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Best digital audio receiver/amplifier?

by Josh K / November 10, 2005 5:19 AM PST

I'm planning out my media room and will need to add a digital/surround receiver or amplifier. I have the speakers and am narrowing down my choices for a TV. I can't spend thousands but I'd like to get the best sound possible. It doesn't have to have a radio.

Suggestions?

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Best digital audio receiver/amplifier?
by jcrobso / November 11, 2005 2:27 AM PST
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What about Denon?
by jacbec / November 11, 2005 4:04 AM PST

You might check out the Denon products. They are spendy but have some impressive specs. I like their built-in room calibration features, called EQ or Audyssy??sp. They also have a new product S301, I believe that allows you to plug in your Apple iPod and control all of your music with on screen menu.

Jack

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Denon is what I'm leaning towards at the moment
by Josh K / November 11, 2005 10:59 AM PST
In reply to: What about Denon?

They have some pretty amazing units.

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JUST BOUGHT THERE AVR-3805
by stewart norrie / November 12, 2005 4:17 AM PST

Also had the dealer set up the amp using a mic I also bought 5 atlantic Technology 4200 speakers along with there subwoffer Anyway this set up is awsome and sounds as good as systems costing twice as much good luck to you stewart norrie

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JUST BOUGHT THE DENON AVR-3805 AWSOME
by stewart norrie / November 12, 2005 4:08 AM PST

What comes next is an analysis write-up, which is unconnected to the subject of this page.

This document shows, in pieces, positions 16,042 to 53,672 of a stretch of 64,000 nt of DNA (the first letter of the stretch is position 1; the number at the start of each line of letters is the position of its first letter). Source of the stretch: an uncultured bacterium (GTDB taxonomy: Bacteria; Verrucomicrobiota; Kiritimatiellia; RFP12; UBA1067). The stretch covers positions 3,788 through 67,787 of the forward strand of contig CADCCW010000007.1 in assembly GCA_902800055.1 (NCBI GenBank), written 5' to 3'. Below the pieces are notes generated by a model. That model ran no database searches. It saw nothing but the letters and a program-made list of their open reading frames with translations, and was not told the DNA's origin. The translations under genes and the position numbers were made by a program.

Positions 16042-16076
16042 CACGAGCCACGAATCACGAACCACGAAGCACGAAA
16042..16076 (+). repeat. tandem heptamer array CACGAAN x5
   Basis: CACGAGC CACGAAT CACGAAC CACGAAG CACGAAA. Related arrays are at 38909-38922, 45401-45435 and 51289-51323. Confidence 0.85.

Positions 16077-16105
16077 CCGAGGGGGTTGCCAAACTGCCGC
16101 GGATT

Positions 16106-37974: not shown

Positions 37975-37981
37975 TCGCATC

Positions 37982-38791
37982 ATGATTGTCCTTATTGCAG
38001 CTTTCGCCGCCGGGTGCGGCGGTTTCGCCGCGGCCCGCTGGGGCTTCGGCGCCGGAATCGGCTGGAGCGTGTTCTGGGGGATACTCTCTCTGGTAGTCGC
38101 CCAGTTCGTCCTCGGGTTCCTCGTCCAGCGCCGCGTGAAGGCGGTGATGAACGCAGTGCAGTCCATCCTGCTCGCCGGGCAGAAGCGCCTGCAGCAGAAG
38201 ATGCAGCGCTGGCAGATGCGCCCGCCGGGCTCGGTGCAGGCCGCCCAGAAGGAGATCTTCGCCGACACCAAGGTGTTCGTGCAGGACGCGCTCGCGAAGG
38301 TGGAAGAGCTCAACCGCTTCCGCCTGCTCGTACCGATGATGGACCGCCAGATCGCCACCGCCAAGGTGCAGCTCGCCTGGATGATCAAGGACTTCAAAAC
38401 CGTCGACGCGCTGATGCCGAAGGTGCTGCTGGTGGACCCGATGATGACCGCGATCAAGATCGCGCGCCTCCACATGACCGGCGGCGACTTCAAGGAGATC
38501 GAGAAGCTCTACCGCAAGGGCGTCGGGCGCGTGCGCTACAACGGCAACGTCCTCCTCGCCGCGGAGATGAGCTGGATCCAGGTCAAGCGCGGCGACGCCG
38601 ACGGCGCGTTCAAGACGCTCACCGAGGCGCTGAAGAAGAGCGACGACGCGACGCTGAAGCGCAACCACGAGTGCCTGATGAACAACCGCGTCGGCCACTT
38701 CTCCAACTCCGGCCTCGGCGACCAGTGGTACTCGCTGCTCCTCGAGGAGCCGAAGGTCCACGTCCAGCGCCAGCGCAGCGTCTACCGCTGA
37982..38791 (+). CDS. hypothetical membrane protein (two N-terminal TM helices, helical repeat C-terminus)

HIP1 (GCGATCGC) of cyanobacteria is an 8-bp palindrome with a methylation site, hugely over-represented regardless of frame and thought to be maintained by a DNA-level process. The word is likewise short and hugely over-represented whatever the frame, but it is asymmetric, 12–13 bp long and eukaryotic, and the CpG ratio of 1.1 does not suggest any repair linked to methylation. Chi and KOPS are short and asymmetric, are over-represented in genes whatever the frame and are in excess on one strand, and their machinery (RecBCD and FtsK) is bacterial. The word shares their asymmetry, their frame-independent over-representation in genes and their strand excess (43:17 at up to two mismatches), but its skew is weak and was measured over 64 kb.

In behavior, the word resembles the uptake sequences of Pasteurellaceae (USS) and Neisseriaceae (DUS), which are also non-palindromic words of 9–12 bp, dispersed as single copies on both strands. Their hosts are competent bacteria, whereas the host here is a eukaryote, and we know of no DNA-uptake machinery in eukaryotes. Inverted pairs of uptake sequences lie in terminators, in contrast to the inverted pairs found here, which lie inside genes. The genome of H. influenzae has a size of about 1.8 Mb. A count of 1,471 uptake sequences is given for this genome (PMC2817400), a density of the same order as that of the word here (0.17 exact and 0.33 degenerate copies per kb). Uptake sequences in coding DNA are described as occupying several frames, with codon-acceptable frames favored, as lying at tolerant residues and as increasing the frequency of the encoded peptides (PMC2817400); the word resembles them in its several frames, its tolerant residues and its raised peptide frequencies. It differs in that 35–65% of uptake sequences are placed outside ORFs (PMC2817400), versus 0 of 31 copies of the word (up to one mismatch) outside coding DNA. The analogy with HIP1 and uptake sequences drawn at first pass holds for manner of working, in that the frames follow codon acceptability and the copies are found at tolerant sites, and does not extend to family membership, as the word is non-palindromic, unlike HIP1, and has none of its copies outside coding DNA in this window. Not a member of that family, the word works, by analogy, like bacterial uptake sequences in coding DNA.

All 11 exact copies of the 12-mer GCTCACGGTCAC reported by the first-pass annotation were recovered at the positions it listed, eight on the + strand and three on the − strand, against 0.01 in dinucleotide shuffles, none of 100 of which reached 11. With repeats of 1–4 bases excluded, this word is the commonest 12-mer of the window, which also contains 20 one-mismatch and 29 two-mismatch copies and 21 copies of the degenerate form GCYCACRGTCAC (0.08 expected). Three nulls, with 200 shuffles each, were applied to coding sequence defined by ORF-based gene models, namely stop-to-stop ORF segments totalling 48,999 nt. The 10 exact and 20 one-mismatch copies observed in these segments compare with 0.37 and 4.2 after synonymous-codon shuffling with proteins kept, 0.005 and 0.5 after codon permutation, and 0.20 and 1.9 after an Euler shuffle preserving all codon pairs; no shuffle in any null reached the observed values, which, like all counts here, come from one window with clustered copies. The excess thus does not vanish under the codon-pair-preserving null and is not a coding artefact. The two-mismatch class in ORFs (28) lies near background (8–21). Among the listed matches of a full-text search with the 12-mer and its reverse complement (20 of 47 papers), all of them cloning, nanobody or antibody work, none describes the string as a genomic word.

In reply to: What about Denon?

and Atlantic technology 4200 speakers and Subwoffer along with a old pair of cerwin vega speakers on the back wall The sound is awsome and involving. The dealer set up the system using a mic. any way this system really isn't hi-end but it sounds expensive good luck to you stewart norrie

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What about Marantz?
by jacbec / November 11, 2005 1:38 PM PST

I had Marantz equipment over 40 years ago (vacuum tube stuff) and it was top of the line back then. Haven't been able to find much info on their equipment lately.

Jack

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I remember........
by HTHMAN / November 21, 2005 10:14 AM PST
In reply to: What about Marantz?

I remember them from the 60s. At that time, I bought a top of the line Fischer 700T receiver(stll have it and it still works. Would throw it away, but it takes 2 people to lift it. Back then, it was pretty much Marantz, Fischer and Scott for top end stuff. Things sure have changed. Back then (1967), I paid 500 dollars for it-that is probably 5000 dollars in todays money. Pair those things up with the 6 foot high Altec-Lansing "Voice of the Theater" speakers and you had a system. If you wanted equipment, you went to a Hi-Fi retailer-No Best Buys or Circuit Citys back then. Life was good..

Thanks for the memories..

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Yamaha has the most features for the money
by technomojo / November 12, 2005 2:56 PM PST

I have been looking for a receiver to both take the place of a media box and provide high quality surround sound, for the panasonic industrial plasma monitor, and so far the Yamaha RXV-1600 and RXV-2600 seem to offer the most bang for the buck.

Both have two HDMI inputs and one HDMI out.

I have found very few receivers below 1500 USD retail that have two HDMI inputs and full analog to HDMI conversion, but I am still looking.

Both receivers convert analog input to HDMI and Component output, however you must choose one output or the other.
Both are THX sellect2 certified.
Both deinterlace 480i up to 480p.
Both come with automated speaker calibration using a mic.